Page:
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WFH Harms Women’s Careers: Return to Office or Lose Men

WFH Harms Women’s Careers: Return to Office or Lose Men, Warns Aviva Boss Amanda Blanc

  • Mothers may miss something if they sit at their desks less often than their male peers
  • Blanc’s comments came as millions of workers returned to the office
  • Several leading city institutions are rehiring their staff



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Women’s careers could be damaged if they continue to work from home, the boss of one of the city’s largest institutions warned.

With more and more people returning to the office following the end of Covid restrictions, Aviva chief executive Amanda Blanc said working mothers who take on most of the caregiving responsibilities could miss out on sitting at their desks less often than their male peers.

The mother of two called for an end to the ‘hokey-cokey’ in-out work-from-home tutoring: ‘If you see all the men coming back to the office and the women not, then clearly the women won’t be around if some of the the conversations are going on and they will miss opportunities.

Warning: Amanda Blanc said working moms who take on most childcare duties could miss out if they spend less time at their desks than their male peers

Warning: Amanda Blanc said working moms who take on most childcare duties could miss out if they spend less time at their desks than their male peers

“So that’s what I’m shouting – I don’t want that to happen. We know that women’s advancement in financial services just isn’t good enough – women aren’t moving up to senior positions fast enough.

We just have to make sure that we don’t endanger women’s opportunities with our way of working.’

The comments came as millions of workers returned to the office following the lifting of Covid restrictions.

Several leading city institutions are hiring their staff again.

A briefing note from a team at investment bank JP Morgan, seen through the post, said staff must be in the office for three days, including a Monday or Friday. As a result, many employees would no longer be at their desks on their preferred days, namely only Tuesday, Wednesday and Thursday.

Goldman Sachs has also asked its 6,500 London employees to return, and rival Citigroup expects the staff to be there “at least three days a week”.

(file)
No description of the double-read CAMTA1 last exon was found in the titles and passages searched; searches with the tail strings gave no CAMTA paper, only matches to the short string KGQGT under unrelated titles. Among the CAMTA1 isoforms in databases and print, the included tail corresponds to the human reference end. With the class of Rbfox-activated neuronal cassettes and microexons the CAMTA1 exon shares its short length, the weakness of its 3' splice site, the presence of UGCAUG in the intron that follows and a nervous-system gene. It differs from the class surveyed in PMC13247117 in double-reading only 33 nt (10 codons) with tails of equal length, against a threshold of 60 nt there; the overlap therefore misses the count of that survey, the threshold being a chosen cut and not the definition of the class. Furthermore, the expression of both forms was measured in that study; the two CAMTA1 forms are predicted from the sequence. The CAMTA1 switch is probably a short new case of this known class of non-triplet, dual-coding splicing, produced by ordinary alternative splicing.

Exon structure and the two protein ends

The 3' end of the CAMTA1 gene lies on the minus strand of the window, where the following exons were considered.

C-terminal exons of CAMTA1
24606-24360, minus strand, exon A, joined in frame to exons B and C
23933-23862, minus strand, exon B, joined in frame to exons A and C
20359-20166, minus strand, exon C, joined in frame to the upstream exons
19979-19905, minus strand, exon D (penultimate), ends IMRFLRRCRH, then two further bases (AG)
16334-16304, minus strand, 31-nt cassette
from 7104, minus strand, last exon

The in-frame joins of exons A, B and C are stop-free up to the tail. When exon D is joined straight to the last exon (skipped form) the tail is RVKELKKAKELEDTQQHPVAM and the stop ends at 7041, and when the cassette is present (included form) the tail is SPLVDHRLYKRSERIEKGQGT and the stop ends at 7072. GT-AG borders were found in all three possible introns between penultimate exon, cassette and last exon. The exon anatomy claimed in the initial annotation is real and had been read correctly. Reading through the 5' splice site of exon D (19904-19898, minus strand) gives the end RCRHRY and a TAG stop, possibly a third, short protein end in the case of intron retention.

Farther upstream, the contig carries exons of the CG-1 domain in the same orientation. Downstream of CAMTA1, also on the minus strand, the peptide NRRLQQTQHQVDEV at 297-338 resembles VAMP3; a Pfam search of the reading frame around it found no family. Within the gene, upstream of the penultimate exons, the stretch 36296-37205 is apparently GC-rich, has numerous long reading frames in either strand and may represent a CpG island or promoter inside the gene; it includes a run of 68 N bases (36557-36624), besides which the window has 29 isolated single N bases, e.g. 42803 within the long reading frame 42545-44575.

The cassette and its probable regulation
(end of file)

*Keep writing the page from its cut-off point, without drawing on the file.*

Blanc said her staff would be in the office three days a week.

She told the BBC: ‘I am very keen that we have a physical presence in the office, even though I think the way we work in the office will be different from how it was pre-Covid.’

Sir Iain Duncan Smith, former leader of the Tory Party, said: ‘There is an entire ecosystem in Britain’s cities and town centers that depends on people working in it. If people don’t come to work, it’s not there for their social activities. There are many people who depend on jobs in bars, restaurants and shops. If employees don’t go back to their office, this ecosystem will not survive.’

Many companies are cautiously getting their office workers back to commuting, requiring staff only three days a week. Blanc previously spoke of a ‘maternity penalty’, which many women face in their careers after returning from maternity leave.

Blanc: ‘Scrap EU pension rules to free up billions’

The government should abolish EU rules that limit where pension funds can invest, the Aviva boss insisted.

Amanda Blanc said Chancellor Rishi Sunak should scrap so-called Solvency II regulations, which limit the types of assets pension funds can hold.

This could free up billions of pounds to invest in areas such as renewable energy plants, improved transportation systems and emerging industries, she said. Solvency II was introduced to ensure the safety of investors’ money and to ensure that their pensions are protected in the event of a recession. But Aviva was under constant stress testing and had enough capital to cover a crisis.

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